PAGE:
how does DTMF security work?

Discussion in 'VOIP' started by renato.serodio@gmail.com, Mar 12, 2006.

  1. Guest

    Dear all,

    I just learnt that VoIP also does DTMF. Since today security is a very
    important concern, I started wondering: how is DTMF secured?

    A series of services, including banks, offer DTMF interfaces, which
    imply dialing pin codes and the like. This would fall in the 'sensitive
    information' category. Now, how is security implemented, both in normal
    lines and VoIP? How can one ascertain that a given line (bearing in
    mind that you might happen to be across the world, and your
    voice-induced signals will run through a number of networks till they
    reach the machine that makes the authentication) is secure?

    With VoIP, it seems even more complex. What are the conditions for DTMF
    to be transmitted? I understand the softphone or other gear must
    generate the signals; then, the VoIP provider must be able to translate
    the signals to the public telephone line.

    I suppose DTMF security could be related to voice comm security: if it
    is possible to encrypt the data entering the broadband line at the user
    location, then decrypt it at the receiver location (and vice-versa),
    then tone signals would be safe. But can this be implemented? And how
    would a regular telephone be able to do it?

    Regards,

    Renato
     
    , Mar 12, 2006
    #1
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  2. <> wrote in message
    news:...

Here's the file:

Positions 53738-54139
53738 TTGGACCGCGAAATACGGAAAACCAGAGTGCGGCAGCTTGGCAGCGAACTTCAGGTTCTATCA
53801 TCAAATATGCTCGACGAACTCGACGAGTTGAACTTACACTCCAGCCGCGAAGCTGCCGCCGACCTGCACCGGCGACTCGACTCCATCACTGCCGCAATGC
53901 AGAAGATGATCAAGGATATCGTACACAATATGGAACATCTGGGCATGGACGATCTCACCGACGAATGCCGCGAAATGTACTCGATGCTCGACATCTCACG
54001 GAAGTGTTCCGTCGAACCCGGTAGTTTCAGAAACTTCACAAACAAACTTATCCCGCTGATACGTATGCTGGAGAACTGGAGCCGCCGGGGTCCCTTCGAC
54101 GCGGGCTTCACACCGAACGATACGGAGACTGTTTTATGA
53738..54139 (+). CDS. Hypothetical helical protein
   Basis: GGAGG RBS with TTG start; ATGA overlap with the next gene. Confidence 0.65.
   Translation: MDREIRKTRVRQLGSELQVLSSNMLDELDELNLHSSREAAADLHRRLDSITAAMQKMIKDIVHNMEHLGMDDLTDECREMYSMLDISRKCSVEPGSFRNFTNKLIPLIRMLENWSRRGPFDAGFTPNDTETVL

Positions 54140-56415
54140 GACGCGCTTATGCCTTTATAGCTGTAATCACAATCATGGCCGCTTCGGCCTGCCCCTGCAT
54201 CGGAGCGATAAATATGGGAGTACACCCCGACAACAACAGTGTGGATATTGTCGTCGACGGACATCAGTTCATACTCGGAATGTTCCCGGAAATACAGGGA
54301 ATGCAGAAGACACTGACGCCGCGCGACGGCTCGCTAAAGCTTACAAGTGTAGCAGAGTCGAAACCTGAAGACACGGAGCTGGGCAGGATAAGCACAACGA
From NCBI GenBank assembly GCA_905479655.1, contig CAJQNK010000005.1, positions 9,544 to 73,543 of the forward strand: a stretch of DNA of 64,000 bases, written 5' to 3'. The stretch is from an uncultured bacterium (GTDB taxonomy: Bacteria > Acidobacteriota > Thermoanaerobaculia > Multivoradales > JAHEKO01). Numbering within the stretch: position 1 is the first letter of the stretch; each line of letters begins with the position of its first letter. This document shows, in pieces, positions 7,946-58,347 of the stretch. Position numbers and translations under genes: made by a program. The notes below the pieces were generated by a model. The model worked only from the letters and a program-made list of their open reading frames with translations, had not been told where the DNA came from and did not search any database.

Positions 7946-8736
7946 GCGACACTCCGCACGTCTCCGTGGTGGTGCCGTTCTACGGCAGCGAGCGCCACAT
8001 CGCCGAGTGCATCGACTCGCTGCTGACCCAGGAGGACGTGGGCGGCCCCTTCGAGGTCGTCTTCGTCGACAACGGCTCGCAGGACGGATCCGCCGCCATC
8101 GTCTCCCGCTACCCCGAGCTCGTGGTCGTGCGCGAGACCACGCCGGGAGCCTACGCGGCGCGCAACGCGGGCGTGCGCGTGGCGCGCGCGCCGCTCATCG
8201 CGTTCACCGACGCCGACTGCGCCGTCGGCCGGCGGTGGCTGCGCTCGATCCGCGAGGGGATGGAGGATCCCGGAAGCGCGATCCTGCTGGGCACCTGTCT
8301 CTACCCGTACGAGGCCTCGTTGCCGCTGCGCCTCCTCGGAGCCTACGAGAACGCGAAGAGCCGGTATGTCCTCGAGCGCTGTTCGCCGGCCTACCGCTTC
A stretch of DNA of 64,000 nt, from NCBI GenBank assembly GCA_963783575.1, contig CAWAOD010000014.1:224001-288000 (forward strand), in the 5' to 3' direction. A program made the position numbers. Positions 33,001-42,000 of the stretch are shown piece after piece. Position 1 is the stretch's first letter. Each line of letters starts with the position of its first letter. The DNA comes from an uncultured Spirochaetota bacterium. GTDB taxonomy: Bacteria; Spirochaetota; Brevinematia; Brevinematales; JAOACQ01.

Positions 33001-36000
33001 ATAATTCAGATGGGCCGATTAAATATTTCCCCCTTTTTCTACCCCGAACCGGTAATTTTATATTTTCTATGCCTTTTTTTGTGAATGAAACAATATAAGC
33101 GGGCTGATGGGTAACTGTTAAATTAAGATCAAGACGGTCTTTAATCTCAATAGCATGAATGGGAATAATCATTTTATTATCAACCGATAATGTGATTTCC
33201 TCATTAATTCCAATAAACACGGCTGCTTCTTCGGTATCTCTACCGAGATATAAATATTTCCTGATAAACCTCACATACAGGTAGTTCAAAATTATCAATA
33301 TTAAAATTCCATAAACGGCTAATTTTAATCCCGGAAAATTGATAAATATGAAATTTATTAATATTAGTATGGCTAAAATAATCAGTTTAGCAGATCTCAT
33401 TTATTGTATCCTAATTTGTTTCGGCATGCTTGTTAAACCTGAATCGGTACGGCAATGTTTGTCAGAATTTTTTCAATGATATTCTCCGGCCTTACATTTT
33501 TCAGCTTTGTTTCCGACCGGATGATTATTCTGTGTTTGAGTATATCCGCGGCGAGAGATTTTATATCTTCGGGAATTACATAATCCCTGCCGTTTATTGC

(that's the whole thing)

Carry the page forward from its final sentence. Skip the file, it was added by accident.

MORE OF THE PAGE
> Dear all,
    >
    > I just learnt that VoIP also does DTMF. Since today security is a very
    > important concern, I started wondering: how is DTMF secured?


    Today, it's not.

    > I suppose DTMF security could be related to voice comm security: if it
    > is possible to encrypt the data entering the broadband line at the user
    > location, then decrypt it at the receiver location (and vice-versa),
    > then tone signals would be safe. But can this be implemented?


    Since DTMF is sent as part of the normal RTP stream for a call (though
    possibly with a different codec), it can be secured using SRTP just like the
    rest of the call media. Few if any vendors do this yet, though.

    > And how would a regular telephone be able to do it?


    Regular phones have no security other than physical obstacles.

    S

    --
    Stephen Sprunk "Stupid people surround themselves with smart
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    Stephen Sprunk, Mar 12, 2006
    #2
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